Thursday, 26 May 2016
First viewed : 30 September 1979
Another new series launched on the same night as To The Manor Born ( in fact it directly followed it ) was much more to my liking. Shoestring heralded a whole new genre of unconventional TV detective series and for my money remains the best. I watched the first series on my own but my mum and sister came on board for the second.
The largely unknown Trevor Eve played Eddie Shoestring , a dishevelled young man in Bristol , recovering from a nervous breakdown suffered from working with computers. Having decided to try his hand at being a private detective, Eddie's landlady / lover Erica ( Doran Godwin ) who is also a barrister, finds him a case investigating the suicide of the girlfriend of a popular DJ at the local radio station Radio West. Having absolved the DJ from blame - in an uncharacteristically dark storyline the girl killed herself after turning to escort work and finding one of her clients to be her dad - Eddie is hired by the station to be its own "private ear" who will investigate cases for listeners and once solved, recount an anonymised version of his investigation over the air . The other regular characters were his cautious but usually supportive boss Don Satchley ( Michael Medwin ) and jolly receptionist Sonia ( Liz Crowther ) with her voluminous frocks.
Unlike To The Manor Born , I can remember the details of individual storylines pretty well. A lot of them involved tracing missing persons. There was one where he was hunting down a sixties pop star whose record suddenly became popular again and another where he tracked down the wife of a man who the neighbours thought had murdered her. Other memorable episodes were the one where he investigated a Moonie-like religious cult, a travel agency which was really a front for burglary and the final nerve-racking episode where Eddie had to track down some dangerously defective toys at Christmas. There was also the notorious episode where Toyah Willcox got to perform a generous slice of her music despite her character being a fairly peripheral part of the proceedings.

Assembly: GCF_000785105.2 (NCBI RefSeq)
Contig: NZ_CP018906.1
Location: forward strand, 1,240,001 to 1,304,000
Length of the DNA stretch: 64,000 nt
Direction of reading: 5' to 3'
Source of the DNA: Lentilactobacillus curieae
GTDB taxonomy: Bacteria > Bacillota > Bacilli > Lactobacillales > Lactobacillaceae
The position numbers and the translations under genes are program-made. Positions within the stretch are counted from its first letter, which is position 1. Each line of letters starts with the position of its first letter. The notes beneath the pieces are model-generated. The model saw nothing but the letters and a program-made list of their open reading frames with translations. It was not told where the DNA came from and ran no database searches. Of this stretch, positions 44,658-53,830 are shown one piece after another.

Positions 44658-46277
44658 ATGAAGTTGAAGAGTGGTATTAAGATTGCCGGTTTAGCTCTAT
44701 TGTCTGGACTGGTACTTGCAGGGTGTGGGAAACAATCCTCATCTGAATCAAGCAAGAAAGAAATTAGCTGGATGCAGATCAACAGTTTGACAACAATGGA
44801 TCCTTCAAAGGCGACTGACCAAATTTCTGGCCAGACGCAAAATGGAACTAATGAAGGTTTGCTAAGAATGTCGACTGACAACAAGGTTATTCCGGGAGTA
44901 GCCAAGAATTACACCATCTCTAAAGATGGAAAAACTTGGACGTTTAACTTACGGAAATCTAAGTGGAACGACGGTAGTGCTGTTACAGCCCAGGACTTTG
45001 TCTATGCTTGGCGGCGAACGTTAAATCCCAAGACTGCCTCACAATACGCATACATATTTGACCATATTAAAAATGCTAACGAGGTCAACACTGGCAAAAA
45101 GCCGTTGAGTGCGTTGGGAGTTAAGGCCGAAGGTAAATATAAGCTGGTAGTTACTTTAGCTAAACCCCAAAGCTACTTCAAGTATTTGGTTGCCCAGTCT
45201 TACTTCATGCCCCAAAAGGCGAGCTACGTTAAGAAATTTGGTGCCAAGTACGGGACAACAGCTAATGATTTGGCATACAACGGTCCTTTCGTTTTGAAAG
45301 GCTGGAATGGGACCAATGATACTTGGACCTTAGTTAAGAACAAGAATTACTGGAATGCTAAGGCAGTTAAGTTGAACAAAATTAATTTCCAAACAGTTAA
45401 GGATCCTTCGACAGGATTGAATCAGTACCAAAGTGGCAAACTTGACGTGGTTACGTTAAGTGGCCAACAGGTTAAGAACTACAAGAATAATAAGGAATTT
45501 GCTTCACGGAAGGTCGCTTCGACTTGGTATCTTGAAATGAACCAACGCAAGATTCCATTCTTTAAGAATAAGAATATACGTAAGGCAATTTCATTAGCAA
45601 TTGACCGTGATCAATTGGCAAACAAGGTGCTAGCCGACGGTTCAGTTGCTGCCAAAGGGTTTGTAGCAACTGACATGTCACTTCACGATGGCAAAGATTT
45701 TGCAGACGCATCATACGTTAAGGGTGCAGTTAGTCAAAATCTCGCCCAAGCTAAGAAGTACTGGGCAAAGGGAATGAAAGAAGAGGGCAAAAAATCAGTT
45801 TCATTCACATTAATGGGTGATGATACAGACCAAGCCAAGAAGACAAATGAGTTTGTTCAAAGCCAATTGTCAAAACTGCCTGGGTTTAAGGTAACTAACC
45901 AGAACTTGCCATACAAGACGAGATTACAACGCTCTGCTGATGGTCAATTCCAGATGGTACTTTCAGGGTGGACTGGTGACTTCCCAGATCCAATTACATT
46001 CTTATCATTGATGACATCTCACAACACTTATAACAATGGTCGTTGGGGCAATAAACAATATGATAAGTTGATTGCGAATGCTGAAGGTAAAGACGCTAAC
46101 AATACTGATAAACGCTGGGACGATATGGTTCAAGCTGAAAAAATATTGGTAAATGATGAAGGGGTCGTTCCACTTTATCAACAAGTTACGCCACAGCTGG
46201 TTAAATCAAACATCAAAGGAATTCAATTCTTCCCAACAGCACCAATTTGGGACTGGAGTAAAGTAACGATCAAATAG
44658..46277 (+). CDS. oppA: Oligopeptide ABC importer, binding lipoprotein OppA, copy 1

What made Eddie such a compelling character was his obvious vulnerability. He was slightly built so usually came out the worst in any physical confrontations and clearly still mentally fragile. In one episode he freaked out at being faced with a mainframe computer again and in the episode "Mockingbird" he was driven almost to breaking point by the taunts of a malevolent wannabe.
After two highly successful series with Eve a national heartthrob, the Beeb were aghast when he decided to quit while he was ahead and abandon the series for further stage work and later , a largely unsuccessful attempt at stardom in America. It was a brave step but whether his co-stars ( particularly Godwin who hasn't acted in the last two decades ) appreciated it would be interesting to ascertain. The production team came up with a replacement series in Bergerac which I came to like in time but always thought was a poor substitute. Like Fawlty Towers, Shoestring left you wanting more.
Shoestring was repeated in 1981 and 1982 but then disappeared from terrestrial television until January 2002 when some episodes , highly edited for daytime viewing, were aired in the afternoon. For a long time there was no DVD release because the amount of music played in the scenes at Radio West made it uneconomic to clear all the rights but eventually some deal with the P.R.S . was done and a box set of the first series came out in 2012.